An open-source rival to Google's book project

Digitizing the world's books is too important a job to leave to private ventures, say backers of the Internet Archive. Photos: Gearing up the scanners

Stefanie Olsen Staff writer, CNET News
Stefanie Olsen covers technology and science.
Stefanie Olsen
6 min read
SAN FRANCISCO--When it comes to digitizing books, two stories appear to be unfolding: One is about open source, and the other, Google.

Or so it seemed at a party held by the Internet Archive on Tuesday evening, when the nonprofit foundation and a parade of partners, including the Smithsonian Institution, Hewlett-Packard, Yahoo and Microsoft's MSN, rallied around a collective open-source initiative to digitize all the world's books and make them universally available.

Google was noticeably absent from the cadre of partners, considering that the search behemoth has a high-profile project of its own to scan library books and add them to its searchable index.

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Some supporters of the Internet Archive, a San Francisco-based nonprofit, took the opportunity to criticize such private ventures.

"We want to digitize all human knowledge...and we can't risk having it privatized," said Doron Weber, an executive of the Alfred P. Sloan Foundation, a philanthropic organization that has contributed more than $3 million to the Internet Archive since 2003. Citing the importance of an open library for educational purposes, he called on private companies to "rein in their impulses" while urging libraries to "embrace the future."

Still, a Google executive in attendance downplayed the perceived rivalry.

"I think (the project) is great," said Alexander Macgillivray, Google's senior product counsel, following a presentation on the book-scanning effort. "It's a shame it's being portrayed as a battle between the two projects because the efforts are complementary."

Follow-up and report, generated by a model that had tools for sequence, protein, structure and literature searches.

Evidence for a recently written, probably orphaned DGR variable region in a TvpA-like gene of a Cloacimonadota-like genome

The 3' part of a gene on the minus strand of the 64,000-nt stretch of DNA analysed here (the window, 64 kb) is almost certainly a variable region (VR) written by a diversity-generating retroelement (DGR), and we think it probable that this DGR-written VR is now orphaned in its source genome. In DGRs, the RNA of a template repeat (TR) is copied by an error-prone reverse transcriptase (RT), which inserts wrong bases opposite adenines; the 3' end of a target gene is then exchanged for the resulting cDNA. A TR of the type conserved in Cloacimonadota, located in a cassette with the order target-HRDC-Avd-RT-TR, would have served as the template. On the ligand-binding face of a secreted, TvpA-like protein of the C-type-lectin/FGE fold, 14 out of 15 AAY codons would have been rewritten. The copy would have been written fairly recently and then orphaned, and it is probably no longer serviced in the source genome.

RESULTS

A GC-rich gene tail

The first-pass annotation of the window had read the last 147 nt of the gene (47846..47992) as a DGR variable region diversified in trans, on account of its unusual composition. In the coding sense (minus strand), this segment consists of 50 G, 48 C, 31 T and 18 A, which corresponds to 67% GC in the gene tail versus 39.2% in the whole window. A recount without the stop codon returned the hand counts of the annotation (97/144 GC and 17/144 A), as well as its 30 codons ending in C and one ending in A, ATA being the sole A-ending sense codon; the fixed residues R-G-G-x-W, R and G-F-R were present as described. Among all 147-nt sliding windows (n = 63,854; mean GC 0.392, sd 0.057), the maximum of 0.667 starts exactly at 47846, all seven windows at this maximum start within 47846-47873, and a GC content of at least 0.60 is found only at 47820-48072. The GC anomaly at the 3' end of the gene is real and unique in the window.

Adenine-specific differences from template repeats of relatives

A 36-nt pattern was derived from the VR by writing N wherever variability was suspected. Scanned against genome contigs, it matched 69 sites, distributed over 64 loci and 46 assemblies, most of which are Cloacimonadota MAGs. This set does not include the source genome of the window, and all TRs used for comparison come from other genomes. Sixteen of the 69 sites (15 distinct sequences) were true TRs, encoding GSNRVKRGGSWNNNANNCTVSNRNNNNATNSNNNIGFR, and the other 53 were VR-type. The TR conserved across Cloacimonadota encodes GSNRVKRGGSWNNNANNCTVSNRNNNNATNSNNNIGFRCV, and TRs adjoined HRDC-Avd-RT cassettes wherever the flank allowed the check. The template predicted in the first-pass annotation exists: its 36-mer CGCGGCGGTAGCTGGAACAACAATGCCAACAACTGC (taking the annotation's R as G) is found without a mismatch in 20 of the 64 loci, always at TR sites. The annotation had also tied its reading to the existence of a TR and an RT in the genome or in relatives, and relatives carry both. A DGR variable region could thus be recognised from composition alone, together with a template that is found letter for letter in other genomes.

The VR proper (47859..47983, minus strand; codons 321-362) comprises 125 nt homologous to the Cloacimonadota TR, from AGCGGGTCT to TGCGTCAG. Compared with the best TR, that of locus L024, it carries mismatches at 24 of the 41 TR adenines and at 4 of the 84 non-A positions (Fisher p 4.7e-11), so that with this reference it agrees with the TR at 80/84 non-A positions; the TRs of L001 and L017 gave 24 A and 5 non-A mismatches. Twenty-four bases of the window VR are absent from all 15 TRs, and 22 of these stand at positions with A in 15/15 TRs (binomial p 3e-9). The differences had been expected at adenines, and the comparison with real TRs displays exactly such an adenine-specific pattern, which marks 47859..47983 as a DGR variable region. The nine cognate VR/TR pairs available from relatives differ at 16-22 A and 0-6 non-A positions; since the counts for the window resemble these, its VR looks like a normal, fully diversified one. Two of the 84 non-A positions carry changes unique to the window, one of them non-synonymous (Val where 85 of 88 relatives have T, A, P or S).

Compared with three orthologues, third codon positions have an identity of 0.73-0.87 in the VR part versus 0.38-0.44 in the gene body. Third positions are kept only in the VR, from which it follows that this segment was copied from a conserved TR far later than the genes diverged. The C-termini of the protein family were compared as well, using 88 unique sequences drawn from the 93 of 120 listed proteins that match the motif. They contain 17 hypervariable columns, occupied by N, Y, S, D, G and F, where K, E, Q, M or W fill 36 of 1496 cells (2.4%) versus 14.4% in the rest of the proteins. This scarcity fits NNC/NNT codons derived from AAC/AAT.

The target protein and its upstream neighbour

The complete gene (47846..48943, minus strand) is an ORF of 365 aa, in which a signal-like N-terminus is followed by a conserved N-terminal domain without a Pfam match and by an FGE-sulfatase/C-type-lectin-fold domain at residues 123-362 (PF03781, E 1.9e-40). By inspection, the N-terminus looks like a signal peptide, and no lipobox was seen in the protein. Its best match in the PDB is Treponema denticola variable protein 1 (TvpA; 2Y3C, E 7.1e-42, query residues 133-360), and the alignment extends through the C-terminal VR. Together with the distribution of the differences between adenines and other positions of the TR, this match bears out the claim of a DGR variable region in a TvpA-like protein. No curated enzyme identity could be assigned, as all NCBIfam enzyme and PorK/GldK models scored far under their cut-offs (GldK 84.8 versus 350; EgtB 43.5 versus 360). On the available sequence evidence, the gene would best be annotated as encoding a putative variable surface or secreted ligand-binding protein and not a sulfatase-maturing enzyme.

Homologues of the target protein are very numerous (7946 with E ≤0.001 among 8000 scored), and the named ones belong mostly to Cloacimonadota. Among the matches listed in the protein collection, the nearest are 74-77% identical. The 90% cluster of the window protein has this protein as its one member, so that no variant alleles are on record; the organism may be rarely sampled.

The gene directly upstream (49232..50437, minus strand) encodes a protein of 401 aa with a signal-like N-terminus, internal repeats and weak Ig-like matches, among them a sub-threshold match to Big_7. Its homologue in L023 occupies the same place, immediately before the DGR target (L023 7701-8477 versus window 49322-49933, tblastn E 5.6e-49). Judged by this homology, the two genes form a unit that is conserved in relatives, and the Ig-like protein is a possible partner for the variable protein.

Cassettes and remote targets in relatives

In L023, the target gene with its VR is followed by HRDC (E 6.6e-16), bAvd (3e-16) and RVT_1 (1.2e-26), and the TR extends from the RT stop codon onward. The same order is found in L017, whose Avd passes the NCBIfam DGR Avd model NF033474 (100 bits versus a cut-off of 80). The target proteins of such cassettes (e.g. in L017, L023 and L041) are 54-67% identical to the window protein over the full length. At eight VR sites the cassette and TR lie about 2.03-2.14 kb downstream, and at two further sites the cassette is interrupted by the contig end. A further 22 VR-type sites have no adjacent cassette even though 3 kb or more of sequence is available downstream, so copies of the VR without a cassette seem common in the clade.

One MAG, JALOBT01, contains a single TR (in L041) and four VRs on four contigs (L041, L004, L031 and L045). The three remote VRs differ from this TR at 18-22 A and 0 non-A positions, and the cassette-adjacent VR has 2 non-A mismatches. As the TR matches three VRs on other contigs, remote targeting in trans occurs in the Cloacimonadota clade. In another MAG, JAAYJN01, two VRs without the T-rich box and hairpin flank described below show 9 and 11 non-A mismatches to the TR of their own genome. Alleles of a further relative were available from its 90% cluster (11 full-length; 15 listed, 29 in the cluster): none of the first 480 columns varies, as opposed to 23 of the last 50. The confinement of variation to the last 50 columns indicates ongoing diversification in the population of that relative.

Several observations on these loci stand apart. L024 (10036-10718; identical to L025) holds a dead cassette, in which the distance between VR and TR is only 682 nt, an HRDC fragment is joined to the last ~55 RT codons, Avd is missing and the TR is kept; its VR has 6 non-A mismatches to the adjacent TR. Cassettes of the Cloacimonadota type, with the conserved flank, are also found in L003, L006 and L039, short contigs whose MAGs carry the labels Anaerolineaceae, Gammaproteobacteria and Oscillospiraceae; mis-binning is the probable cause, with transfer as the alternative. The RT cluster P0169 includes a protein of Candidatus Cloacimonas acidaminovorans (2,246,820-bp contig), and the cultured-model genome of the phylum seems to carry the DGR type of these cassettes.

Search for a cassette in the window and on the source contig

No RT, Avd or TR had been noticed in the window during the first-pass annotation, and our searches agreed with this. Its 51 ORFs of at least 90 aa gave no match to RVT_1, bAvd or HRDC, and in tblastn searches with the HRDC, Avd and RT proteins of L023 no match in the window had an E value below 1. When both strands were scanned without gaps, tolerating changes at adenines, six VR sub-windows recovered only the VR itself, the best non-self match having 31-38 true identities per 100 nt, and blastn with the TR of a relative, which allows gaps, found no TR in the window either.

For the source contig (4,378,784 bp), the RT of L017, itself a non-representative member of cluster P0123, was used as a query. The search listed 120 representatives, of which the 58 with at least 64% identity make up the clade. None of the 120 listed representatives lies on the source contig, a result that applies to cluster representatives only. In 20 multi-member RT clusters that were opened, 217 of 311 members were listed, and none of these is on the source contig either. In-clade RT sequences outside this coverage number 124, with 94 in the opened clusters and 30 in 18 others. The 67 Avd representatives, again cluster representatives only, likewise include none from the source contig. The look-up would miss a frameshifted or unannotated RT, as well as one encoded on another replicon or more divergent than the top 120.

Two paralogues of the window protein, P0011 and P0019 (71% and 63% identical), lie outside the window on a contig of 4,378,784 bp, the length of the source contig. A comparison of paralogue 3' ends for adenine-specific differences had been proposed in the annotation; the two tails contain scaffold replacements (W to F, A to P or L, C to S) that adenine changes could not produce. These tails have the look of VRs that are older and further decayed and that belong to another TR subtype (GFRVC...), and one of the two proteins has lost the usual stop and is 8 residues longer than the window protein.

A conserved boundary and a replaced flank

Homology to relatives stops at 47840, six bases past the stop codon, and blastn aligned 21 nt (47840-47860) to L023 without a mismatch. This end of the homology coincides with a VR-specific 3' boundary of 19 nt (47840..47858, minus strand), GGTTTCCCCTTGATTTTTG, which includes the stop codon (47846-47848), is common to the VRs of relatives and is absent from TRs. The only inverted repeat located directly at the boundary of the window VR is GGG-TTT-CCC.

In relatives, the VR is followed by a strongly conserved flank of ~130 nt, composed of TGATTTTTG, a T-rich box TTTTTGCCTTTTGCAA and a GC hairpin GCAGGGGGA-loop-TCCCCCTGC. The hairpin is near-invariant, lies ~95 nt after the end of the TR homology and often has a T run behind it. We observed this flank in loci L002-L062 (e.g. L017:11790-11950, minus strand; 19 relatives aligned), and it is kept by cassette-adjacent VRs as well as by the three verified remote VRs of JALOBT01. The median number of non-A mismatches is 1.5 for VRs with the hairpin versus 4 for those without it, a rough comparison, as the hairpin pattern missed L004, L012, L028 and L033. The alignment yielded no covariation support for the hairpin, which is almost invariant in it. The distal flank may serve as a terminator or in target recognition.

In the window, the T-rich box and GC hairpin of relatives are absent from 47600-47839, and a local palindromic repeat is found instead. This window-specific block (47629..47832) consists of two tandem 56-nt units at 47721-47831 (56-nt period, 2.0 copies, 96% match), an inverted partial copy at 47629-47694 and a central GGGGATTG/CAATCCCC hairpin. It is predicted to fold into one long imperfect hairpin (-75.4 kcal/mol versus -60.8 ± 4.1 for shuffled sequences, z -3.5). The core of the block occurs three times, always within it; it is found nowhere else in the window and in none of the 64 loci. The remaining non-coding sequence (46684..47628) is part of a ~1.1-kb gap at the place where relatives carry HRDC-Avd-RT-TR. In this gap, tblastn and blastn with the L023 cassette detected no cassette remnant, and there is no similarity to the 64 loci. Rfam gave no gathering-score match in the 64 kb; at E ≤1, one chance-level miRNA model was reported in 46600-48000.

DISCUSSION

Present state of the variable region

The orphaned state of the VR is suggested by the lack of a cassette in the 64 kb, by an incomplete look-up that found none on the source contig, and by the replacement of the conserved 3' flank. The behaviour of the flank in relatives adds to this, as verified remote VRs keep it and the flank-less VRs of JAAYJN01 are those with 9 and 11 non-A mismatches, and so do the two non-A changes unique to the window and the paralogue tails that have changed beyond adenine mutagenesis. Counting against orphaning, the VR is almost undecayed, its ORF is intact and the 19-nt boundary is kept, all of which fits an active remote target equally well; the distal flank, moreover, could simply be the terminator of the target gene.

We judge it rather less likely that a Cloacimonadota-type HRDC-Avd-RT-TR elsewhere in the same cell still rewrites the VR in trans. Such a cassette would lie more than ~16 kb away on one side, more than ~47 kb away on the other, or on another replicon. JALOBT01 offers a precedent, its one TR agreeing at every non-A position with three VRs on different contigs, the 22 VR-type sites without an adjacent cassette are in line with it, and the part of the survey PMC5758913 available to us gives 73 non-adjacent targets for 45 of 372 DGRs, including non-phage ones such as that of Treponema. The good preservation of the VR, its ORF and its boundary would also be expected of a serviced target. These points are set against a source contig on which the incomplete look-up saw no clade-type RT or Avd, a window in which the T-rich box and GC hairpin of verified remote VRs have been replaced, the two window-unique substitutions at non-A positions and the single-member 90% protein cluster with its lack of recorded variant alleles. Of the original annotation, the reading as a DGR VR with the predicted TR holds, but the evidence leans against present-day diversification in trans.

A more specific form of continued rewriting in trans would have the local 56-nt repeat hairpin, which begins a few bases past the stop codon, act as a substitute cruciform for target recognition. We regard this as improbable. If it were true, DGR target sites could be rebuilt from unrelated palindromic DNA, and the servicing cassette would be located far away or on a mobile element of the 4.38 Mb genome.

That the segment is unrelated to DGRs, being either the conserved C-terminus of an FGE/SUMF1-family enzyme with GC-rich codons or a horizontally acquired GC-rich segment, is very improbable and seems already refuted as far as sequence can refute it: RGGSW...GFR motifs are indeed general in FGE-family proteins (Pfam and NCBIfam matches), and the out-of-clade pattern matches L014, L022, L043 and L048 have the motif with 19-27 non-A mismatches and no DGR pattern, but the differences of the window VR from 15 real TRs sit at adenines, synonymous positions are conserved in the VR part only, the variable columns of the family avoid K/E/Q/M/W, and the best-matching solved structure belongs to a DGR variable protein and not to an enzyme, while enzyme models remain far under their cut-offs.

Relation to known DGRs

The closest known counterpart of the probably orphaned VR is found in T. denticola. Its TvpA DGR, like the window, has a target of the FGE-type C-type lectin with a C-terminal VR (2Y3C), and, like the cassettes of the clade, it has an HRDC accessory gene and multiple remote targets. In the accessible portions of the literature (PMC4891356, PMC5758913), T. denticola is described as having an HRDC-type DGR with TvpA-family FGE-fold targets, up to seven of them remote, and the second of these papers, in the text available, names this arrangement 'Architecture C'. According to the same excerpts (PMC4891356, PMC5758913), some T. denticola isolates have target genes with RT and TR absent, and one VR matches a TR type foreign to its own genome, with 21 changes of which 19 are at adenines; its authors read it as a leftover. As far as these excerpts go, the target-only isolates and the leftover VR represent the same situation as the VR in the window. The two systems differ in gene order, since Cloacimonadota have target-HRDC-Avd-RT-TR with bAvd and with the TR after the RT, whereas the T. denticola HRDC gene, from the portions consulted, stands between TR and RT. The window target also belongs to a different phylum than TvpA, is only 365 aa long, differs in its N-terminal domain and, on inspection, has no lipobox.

Digitizing books has become a focus in recent years as people try to make otherwise analog information available on the Internet. Academic research, music from classical to pop and video are all being digitized, and now books are in technology's path.

Google put its own far-reaching digitization project in the spotlight 10 months ago, when it announced partnerships with Harvard University, Stanford University and others to digitize collections of copyright and out-of-copyright books. In 2004, Amazon.com also opened up a digital book collection on its Web site and announced its efforts to scan popular works in partnership with publishers. Amazon visitors can "search inside the book" as a result.

Still, to make the millions of books in the world available online is a Herculean task. Issues of publisher copyrights, data storage and backup, and labor costs must still be hashed out. It would take 6 petabytes to digitally store just 1 million books, according to the Internet Archive. By comparison, Google reportedly has stored nearly 10 million Web documents, requiring between 1.7 and 5 petabytes of storage.

One thorny issue has already reached the courts. Google faces lawsuits from publishers and authors that claim it is violating their copyrights and overstepping the boundaries of fair use laws. Google has made scanning books an "opt out" program for publishers, meaning they must actively tell the search company not to scan their books to stay out of the company's Web index.

The Internet Archive only plans to scan books that are in the public domain and those that copyright holders have given the green light for scanning.

Though it has been working on the effort for years, the Internet Archive recently jump-started its effort by introducing the Open Content Alliance. Members include Adobe Systems, Columbia University, the European Archive, the Biodiversity Heritage Library and Smithsonian Institution Libraries.

Yahoo and MSN Search are also notable members, given their investments in Web search and driving traffic to their proprietary services. The two companies boasted the openness of the project Tuesday night, but their allegiance to the open-source project surely is a strategic counterbalance to Google's project. In the end, the open-source library will also be searchable using MSN Search and Yahoo.